Tedisco: “Stop the Insanity of Animal Hoarding” & Pass Statewide Registry of Convicted Animal Abusers

Statement from Assemblyman Jim Tedisco (R,C,I-Glenville) on New Case of Animal Hoarding at Schaghticoke Home that has Over 100 Cats


“Today’s news of the New York State Police finding over 100 cats at a home in decrepit conditions in Schaghticoke is why New York needs to stop the insanity of animal hoarding and pass a statewide registry of convicted animal abusers as I have sponsored (A.8443).”


“A statewide registry of convicted animal abusers will protect our animals and people from harm by ensuring abusers never own an animal again and require them to undergo psychiatric evaluation and treatment. If we don't have this three-step approach in place (registry, psychiatric evaluation and banning them from ever owning an animal) then these individuals will just keep on hoarding, creating dangerous health conditions in these neighborhoods and leading to animal cruelty, abuse and neglect.”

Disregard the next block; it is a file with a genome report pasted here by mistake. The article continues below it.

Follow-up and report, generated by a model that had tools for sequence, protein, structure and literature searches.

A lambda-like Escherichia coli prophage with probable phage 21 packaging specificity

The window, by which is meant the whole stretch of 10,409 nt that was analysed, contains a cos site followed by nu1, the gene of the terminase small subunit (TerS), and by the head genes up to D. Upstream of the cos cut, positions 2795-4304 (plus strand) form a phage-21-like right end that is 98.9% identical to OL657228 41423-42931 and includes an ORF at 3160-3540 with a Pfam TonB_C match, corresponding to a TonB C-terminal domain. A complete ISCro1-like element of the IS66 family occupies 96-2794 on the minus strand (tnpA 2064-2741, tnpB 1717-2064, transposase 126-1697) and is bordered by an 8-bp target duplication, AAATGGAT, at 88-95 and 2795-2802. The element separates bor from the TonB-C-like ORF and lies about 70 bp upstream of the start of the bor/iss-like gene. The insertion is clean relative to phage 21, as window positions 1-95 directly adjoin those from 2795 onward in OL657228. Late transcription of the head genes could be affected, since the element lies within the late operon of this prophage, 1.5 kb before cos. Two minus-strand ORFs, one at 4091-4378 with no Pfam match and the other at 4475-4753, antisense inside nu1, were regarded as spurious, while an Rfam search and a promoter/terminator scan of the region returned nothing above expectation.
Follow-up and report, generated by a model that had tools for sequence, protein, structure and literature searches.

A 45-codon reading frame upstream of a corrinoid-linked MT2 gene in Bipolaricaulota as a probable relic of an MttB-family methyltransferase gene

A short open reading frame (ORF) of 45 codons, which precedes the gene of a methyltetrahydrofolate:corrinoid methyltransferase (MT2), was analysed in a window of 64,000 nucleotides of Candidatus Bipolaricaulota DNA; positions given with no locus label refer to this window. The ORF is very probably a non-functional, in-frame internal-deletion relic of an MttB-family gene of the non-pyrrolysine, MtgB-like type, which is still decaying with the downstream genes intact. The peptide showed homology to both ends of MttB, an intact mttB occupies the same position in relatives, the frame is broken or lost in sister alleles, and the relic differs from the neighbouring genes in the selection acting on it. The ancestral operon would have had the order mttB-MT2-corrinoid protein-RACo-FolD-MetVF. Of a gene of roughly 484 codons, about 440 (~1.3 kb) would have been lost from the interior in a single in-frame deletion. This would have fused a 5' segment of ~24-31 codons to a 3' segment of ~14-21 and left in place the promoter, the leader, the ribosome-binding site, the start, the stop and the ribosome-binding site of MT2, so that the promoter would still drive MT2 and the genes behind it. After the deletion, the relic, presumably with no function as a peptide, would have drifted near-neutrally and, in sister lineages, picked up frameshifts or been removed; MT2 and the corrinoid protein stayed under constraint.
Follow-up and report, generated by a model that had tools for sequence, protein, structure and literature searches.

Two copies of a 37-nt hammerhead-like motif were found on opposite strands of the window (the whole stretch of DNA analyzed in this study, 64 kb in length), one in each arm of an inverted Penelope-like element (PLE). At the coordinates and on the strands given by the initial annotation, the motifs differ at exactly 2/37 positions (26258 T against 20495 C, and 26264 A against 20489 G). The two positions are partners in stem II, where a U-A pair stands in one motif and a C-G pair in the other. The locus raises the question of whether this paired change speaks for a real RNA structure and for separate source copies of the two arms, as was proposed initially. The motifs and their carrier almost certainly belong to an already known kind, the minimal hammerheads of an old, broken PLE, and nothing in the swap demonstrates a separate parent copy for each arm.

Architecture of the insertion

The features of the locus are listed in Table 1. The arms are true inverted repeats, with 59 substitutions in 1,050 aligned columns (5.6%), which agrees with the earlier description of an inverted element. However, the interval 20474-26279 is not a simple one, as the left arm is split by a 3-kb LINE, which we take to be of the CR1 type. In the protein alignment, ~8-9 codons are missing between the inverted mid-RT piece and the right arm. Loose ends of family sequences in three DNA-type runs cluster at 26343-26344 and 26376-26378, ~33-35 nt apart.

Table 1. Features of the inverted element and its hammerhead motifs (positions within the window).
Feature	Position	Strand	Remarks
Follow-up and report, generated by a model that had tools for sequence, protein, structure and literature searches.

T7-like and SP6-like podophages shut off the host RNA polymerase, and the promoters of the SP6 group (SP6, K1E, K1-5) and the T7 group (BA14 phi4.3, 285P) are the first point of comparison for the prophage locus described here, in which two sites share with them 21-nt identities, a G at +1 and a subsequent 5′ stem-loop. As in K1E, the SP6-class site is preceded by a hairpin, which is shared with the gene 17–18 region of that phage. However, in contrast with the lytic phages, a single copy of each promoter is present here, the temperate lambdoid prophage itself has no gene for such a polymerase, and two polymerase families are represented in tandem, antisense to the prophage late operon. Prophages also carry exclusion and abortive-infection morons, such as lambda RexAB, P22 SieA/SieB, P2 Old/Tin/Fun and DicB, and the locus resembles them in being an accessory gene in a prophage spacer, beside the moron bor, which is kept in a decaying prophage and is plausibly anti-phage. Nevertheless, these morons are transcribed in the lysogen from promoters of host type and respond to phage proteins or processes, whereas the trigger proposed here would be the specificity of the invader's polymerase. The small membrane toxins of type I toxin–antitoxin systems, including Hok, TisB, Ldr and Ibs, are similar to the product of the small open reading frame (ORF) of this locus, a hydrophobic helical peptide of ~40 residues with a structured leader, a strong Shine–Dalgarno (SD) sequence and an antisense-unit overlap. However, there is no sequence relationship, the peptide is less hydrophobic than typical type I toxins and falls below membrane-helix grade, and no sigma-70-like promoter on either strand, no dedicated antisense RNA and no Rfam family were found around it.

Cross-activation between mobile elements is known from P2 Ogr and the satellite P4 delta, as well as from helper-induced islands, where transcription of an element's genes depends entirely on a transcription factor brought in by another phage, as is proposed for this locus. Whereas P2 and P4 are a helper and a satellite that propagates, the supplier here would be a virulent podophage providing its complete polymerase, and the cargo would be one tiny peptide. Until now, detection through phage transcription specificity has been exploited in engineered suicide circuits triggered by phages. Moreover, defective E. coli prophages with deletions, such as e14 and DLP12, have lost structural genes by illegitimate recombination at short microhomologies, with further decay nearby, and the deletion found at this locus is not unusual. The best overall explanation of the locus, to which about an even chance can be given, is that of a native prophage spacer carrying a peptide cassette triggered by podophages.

“Never forget, animal cruelty is a bridge crime and on the FBI profile as those who are so dastardly as to harm animals can, and do go on to harm people,” said Tedisco the driving force behind passage of the landmark Buster’s animal cruelty felony law, and Chair of the annual New York State Animal Advocacy Day.


$53 Million Green Reasons to Say Yes to Proposition 2

By Assemblyman Jim Tedisco


New York’s Founding Fathers were wise in creating a state constitution that made sure lawmakers, the public and media could review legislation on their desks for at least three days before it is debated and voted on.